Albert Coates

British conductor (1882-1953)

Albert Coates (born Saint Petersburg, 23 April 1882; died Cape Town, 11 December 1953) was an Anglo-Russian conductor and composer.

Life and work change

Coates was born in Saint Petersburg, Russia, the youngest of seven sons of an English father and a Russian mother.

He studied at the conservatory in Leipzig, where his greatest teacher was Arthur Nikisch. He worked at the opera house in Dresden, and became conductor at Saint Petersburg's Mariinsky Theatre. After the Russian Revolution and World War I he just managed to escape from Russia in April 1919.

He first appeared at the Royal Opera House, Covent Garden in 1914 conducting Richard Wagner's Tristan und Isolde. He was a man with a lot of energy, and he introduced the audiences to a lot of music they had not heard, especially by Russian composers such as Alexander Scriabin, but also English music by Ralph Vaughan Williams, Arnold Bax and Gustav Holst, whose suite The Planets he gave the first complete London public performance.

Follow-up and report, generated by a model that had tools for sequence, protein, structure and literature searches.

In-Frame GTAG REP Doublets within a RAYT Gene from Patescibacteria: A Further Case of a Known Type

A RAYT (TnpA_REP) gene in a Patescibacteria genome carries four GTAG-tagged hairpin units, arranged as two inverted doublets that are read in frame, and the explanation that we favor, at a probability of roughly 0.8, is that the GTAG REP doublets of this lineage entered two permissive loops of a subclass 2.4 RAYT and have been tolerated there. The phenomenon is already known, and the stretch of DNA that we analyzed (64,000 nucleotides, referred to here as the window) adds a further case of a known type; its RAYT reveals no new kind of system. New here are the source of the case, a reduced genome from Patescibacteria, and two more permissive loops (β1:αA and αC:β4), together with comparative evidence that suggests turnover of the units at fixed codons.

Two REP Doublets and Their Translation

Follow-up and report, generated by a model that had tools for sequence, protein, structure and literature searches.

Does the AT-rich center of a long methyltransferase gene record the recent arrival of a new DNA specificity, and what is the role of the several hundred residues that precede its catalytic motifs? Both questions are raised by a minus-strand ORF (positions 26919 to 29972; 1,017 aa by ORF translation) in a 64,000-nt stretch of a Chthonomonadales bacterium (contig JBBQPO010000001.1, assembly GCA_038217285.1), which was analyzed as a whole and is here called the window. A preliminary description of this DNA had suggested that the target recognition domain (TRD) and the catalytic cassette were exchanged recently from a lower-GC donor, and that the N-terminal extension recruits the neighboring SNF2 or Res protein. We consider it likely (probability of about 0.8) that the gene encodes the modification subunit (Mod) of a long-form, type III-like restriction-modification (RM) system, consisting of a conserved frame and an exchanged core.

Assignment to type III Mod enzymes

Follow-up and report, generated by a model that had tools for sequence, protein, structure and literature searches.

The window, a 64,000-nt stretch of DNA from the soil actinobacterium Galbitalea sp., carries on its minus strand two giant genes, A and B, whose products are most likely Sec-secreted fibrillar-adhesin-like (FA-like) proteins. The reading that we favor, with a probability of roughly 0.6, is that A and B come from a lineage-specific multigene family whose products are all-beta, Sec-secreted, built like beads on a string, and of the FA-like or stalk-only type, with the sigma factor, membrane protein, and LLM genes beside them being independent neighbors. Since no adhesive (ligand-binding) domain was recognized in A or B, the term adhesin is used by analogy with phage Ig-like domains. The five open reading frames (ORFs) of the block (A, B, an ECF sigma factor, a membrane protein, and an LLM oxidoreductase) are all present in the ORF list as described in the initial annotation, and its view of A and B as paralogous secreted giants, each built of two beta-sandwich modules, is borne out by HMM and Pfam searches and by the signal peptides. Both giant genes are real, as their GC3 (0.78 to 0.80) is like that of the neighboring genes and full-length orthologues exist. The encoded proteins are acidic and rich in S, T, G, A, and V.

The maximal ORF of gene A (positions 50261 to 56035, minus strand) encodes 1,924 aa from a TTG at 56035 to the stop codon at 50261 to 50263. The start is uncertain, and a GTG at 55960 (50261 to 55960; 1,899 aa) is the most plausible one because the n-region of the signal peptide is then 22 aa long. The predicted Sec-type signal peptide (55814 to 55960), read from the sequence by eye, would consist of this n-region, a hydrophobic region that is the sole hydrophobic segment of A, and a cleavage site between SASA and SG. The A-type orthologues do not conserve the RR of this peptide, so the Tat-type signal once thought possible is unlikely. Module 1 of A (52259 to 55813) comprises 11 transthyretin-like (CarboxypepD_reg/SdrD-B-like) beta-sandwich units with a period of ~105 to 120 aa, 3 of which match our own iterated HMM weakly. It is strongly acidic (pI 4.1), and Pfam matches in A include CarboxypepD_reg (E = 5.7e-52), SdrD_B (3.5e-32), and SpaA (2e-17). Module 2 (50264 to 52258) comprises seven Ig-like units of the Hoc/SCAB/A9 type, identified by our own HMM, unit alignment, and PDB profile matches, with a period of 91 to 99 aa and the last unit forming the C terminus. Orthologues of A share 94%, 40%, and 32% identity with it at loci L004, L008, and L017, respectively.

In the 1920s and early 1930s he often worked with the London Symphony Orchestra. He made gramophone recordings in the very early days of the gramophone. These include Scriabin's Poème de l'Extase and many bits from Wagner's Der Ring des Nibelungen and (in 1925) the complete Symphony No. 9 of Beethoven. He was the conductor for the first recording of Rachmaninoff's Piano Concerto No. 3, with Vladimir Horowitz as soloist.

In 1925 he gave the first stage performance outside Russia of Rimsky-Korsakov's opera The Legend of the Invisible City of Kitezh and the Maiden Fevroniya.

He composed several works including operas and a symphonic poem The Eagle, dedicated to the memory of his former teacher Artur Nikisch, which was performed in Leeds in 1925. In 1946 he settled in Milnerton, Cape Town, South Africa, where he died in 1953.

Albert Coates was no relation to Eric Coates, the English composer of light music, nor to the tenor John Coates.